Sverdlovsk Oblast

of Sverdlovsk Oblast. Situated on the eastern side of the Ural mountain range (Ural Mountains), it is the main industrial (industry) and cultural (culture) center of the Urals Federal District with a population of 1,398,889 (2012) (up from 1,293,537 recorded in the 2002 Census (Russian Census (2002))), making it Russia's fourth-largest city. Between 1924 and 1991, the city was known as (geographical renaming) '''Sverdlovsk''' ( wikipedia:Sverdlovsk Oblast commons:category:Sverdlovsk Oblast

Chinatown, San Francisco

Suspect was at scene but didn't fire gun, cops say publisher San Francisco Chronicle date June 20, 1998 accessdate September 16, 2012 Culture Cultural institutions San Francisco's Chinatown is home to the Chinese Consolidated Benevolent Association (known as the Chinese Six Companies), which is the umbrella organization for local Chinese family and regional associations in Chinatown. It has spawned lodges in other Chinatowns in the late 19th and early 20th centuries


November. In 2009, Trois-Rivières was designated as the 2009 Cultural (Culture) Capital of Canada for cities having a population of 125,000 or more. Roy-Sole, Monique. "A Tale of Tenacity", ''Canadian Geographic Magazine'', April 2009, Vol. 129, No. 2, p. 38 Trois-Rivières is officially the "Poetry Capital of Quebec" WikiPedia:Trois-Rivières, Quebec Dmoz:Regional North_America Canada Quebec Localities T Trois-Rivieres commons:Trois-Rivières

Prescott, Arizona

As of the census of 2000, there were 33,938 people, 15,098 households, and 8,968 families residing in the city. The population density was 915.6 people per square mile (353.5 km²). There were 17,144 housing units at an average density of 462.5 per square mile (178.6 km²). The racial makeup of the city was 92.93% White (Race (United States Census)), 0.50% Black (Race (United States Census)) or African American (Race (United States Census)), 1.27% Native American (Race (United States Census)), 0.83% Asian (Race (United States Census)), 0.06% Pacific Islander (Race (United States Census)), 2.77% from other races (Race (United States Census)), and 1.63% from two or more races. 8.17% of the population were Hispanic (Race (United States Census)) or Latino (Race (United States Census)) of any race. There were 15,098 households out of which 18.1% had children under the age of 18 living with them, 48.7% were married couples (Marriage) living together, 7.9% had a female householder with no husband present, and 40.6% were non-families. 32.1% of all households were made up of individuals and 15.2% had someone living alone who was 65 years of age or older. The average household size was 2.11 and the average family size was 2.62. In the city the population was spread out with 15.9% under the age of 18, 11.2% from 18 to 24, 18.9% from 25 to 44, 27.3% from 45 to 64, and 26.8% who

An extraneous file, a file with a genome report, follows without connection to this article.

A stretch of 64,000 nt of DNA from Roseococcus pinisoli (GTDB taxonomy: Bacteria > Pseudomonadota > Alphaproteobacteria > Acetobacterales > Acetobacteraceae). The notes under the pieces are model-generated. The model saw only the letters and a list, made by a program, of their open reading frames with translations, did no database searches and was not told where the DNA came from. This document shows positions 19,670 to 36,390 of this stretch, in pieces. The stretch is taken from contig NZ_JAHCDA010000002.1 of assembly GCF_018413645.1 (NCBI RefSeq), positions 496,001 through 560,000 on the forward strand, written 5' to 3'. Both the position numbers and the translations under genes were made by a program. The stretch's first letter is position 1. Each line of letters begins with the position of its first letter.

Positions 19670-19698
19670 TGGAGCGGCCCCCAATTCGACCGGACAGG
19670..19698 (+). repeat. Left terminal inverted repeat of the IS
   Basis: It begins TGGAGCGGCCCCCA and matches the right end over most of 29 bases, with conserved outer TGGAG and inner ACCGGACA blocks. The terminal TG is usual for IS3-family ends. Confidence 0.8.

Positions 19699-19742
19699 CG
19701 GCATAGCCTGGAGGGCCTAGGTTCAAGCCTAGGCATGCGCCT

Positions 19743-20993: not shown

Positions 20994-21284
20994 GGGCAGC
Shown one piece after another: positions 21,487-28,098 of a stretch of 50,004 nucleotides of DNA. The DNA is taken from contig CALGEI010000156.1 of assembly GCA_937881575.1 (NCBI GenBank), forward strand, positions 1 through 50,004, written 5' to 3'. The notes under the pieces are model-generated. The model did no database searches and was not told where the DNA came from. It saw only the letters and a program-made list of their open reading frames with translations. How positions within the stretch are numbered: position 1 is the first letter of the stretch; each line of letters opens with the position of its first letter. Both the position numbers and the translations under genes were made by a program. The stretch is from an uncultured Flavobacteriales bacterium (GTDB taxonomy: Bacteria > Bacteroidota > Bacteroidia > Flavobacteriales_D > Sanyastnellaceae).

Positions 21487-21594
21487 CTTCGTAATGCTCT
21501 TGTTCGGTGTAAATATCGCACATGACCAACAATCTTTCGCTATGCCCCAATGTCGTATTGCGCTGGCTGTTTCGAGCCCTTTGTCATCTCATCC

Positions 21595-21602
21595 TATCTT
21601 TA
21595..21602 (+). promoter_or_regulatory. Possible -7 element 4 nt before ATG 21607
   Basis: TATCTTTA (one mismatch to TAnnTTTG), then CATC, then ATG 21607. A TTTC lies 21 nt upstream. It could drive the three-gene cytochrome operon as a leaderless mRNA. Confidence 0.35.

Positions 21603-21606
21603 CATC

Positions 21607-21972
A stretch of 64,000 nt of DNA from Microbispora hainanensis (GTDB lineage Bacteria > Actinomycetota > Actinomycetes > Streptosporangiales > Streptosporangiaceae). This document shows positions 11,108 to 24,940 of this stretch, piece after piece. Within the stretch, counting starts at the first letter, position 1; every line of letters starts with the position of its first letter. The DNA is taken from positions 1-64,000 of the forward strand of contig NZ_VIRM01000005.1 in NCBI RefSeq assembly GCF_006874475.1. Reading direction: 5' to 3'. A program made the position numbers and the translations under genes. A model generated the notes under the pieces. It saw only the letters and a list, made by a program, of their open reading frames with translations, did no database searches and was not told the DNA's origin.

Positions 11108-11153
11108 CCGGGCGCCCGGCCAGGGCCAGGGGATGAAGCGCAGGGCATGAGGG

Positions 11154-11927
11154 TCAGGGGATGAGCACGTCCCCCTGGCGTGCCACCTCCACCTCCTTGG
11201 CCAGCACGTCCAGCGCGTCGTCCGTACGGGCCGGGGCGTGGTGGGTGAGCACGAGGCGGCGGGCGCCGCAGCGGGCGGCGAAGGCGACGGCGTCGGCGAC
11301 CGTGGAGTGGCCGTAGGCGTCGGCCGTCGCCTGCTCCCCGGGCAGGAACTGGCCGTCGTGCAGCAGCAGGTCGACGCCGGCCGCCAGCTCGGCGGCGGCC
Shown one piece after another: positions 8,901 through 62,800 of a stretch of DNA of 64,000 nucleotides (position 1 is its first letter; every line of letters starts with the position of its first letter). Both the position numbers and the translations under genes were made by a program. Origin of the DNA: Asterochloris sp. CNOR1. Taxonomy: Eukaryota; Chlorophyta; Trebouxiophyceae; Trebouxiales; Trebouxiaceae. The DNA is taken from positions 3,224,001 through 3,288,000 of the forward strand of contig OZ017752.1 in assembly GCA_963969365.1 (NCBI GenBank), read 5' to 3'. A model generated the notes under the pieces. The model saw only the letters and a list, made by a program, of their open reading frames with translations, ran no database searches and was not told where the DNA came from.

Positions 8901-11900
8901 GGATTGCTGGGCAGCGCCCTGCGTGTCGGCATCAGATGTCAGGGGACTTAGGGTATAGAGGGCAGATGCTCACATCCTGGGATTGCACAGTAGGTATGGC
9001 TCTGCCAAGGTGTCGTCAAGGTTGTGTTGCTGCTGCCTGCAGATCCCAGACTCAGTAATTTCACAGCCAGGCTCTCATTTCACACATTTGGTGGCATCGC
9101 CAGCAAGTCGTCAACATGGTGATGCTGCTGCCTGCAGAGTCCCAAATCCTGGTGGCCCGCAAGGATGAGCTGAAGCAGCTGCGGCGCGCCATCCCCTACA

Downtown Miami

of their cultural traits (Culture). The overall culture of Miami is heavily influenced by its large population of Hispanics, and Blacks, mainly from the Caribbean islands. Miami's heavy-rail rapid transit system, Metrorail (Metrorail (Miami)), is an elevated system comprising 22 stations on a The conference serves as a platform for many underground and indie artists from over 70 different countries who spend the conference at events and panels; it is also a medium used by several entrepreneurs and consumer electronic (consumer electronics) companies to present their businesses and technological developments. thumb right 220px The island of Manhattan (Image:Panorama clip3.jpg), from which the term is derived. thumb right Manhattanization took place in Miami, Florida Miami (File:Miamimanhattanizationdowntown.jpg)'s Downtown (Downtown Miami) and Brickell neighborhoods, during the building boom of the mid-2000s that ended in 2007 with the subprime mortgage crisis. thumb right Skyscrapers along Market Street (San Francisco) Market Street (Image:San Francisco Financial District.jpg) in San Francisco, built during the 1960s through the 1980s.